If the entry in the Pilgrim Book for 1581 is only suggestive of Rayner's return to England, then by 1588 it is certain that he was back in Yorkshire, for in that year he officiated at the first marriage of Thomas Meynell with Wenefred Pudsey. Meynell records the event thus:
Notwithstandinge the Tempestuous stormes of the tyme, yet I humblie thanke Almightie God, and owr blessed Ladye, I was maried to Wenefrede at Barforthe by Sr George Raine a vertuous Catholicke preist: who died happelie afterwars (sic) in Yorkcastle. ... (23)
Again from 1588 to 1599 there are few facts that can be stated with any certainty about Rayner's ministry. A further trip to Rome is recorded in the hospice Pilgrim Book from 10th to 19th April 1591 and it is possible that Rayner had some specific link with the English College. (24) New students at the college had to fill in a questionnaire regarding their family background and religious education. Their replies are preserved in the Liber Responsa and two pupils, Seth Forster and Thomas Oglethorpe, record that they were reconciled to the faith and instructed in Catholicism by one "George Keynes". (25) In a later manuscript which records the imprisonment of Rayner in York Castle this same spelling occurs where it is quite clear that Rayner's name is intended. (26) It seems possible therefore that the two young students from York in the English College in the 1600s had been educated in the faith by Rayner. Forster was born in 1590 and Oglethorpe in 1594 so it is not impossible that Rayner instructed them, even though they would have been very young at the time. The latter entry, which is dated 1613, describes "Keynes" "piae memoriae" indicating that he was already dead. This may be the reason that some later historians have assigned 1613 as the date of Rayner's death, although no other writer has noticed the possible connection between Rayner and Keynes up to now.
contemporary sources allow a certain reconstruction of the work of a chaplain to an English catholic household in the recusant period. Father John Sharpe (1576-1630, alias Father Pollard) was a secular priest in Yorkshire and subsequently a Jesuit who left an account of daily life in a recusant house in about 1610. (27) Generally there were two priests, one to work in the house itself and one "on call"; on Sundays and holy days there would be Mass, a sermon and spiritual instruction. Even on ferial days, there would be Mass at 6 am for the servants and men and another at 8 am for the women. Vespers and matins were said at 4 pm and while the priests recited the office, the others prayed private devotions. Night prayers consisting of various litanies followed supper at 9 pm. All members of the household engaged in daily meditation and mental prayer and all the lay members were encouraged to go to confession and communion at least every two weeks.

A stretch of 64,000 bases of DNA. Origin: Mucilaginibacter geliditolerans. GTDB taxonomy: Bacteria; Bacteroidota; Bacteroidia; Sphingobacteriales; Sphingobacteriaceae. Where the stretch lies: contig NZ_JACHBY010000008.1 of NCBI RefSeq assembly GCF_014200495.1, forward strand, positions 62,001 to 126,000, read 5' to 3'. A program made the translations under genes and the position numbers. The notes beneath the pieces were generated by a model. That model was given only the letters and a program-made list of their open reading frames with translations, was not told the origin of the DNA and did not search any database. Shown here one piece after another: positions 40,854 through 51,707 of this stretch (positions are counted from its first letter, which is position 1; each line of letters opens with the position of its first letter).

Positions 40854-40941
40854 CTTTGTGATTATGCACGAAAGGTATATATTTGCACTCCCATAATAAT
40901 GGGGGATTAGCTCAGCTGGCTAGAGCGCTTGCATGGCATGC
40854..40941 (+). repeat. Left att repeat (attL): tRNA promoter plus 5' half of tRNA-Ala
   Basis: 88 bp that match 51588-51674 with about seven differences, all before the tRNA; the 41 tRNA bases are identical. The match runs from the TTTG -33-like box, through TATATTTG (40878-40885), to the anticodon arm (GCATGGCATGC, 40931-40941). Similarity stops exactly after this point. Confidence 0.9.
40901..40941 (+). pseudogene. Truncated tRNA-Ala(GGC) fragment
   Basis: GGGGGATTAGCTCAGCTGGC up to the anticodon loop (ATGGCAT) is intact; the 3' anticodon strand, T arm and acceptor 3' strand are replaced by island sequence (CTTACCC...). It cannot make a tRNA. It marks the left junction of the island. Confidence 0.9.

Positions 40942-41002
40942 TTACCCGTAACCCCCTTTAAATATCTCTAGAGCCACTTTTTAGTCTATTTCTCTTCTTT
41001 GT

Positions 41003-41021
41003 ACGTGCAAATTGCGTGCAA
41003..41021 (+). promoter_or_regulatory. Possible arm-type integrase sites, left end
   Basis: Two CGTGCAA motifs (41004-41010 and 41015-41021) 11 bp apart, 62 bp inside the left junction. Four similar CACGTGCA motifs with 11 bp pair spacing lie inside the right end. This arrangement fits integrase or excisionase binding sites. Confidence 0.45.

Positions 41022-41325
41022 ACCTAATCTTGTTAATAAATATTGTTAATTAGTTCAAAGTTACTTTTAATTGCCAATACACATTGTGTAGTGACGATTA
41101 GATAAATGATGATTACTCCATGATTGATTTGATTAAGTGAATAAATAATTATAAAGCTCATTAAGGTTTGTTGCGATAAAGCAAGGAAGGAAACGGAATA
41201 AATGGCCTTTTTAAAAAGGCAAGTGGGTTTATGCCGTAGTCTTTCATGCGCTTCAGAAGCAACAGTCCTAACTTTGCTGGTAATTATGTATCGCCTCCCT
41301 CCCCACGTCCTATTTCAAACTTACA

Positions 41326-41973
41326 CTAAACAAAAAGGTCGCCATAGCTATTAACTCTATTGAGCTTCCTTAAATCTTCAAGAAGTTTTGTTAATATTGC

Although Rayner enjoyed some freedom of movement as a Marian priest, the religious environment in which he worked was becoming more and more restrictive. In 1593 he was captured in Nottingham and taken to Hull where he was incarcerated in South Blockstone jail. (28) In the 1590s the government of the north of England was vested in the Council of the North headed at that time by the archbishop of York, Matthew Hutton. (29) It seems that the council was considered somewhat lax in the matter of enforcing the Elizabethan religious settlement and was "encouraged" by London to adopt a more uncompromising stance regarding recusants. (30) The archbishop was relieved of his office and Lord Burgleigh appointed as President of the Council. (31) Part of this tightening up is seen in the imprisonment of George Rayner, a seminary priest Christopher Wharton and 51 other Catholics in York Castle from late 1599 to mid 1600. During this period the prisoners were forced to listen to some 50 sermons preached by various Anglican divines, including the archbishop of York. Accounts of these sermons and a description of the prisoners' behaviour were compiled by Fr. William Richmond (Richmont) whose manuscript is still extant in the British Library. (32) Subsequently Fr. John Knaresborough incorporated part of Richmond's work into his own book, Sufferings of the Catholicks in the early 18th century. Bishop Challoner then transcribed Knaresborough's account as part of the appendices to his own Memoirs of Missionary Priests and used some of the details of the York imprisonment in his description of the more famous Christopher Wharton. (33)
It seems, by all accounts, that despite his age (perhaps he was 60 years old by now) Rayner was more than a match for his captors and had to be quietened down on more than one occasion.
After they were set upon the bench, [i.e. the Lord President and Council of the North] sir George Rains, (an old priest there amongst them) rose up, and went towards my lord, and all the company followed after him, and they all made suit to his lordship, to give them leave to depart, for that it was against their consciences to hear their sermons; ... (34)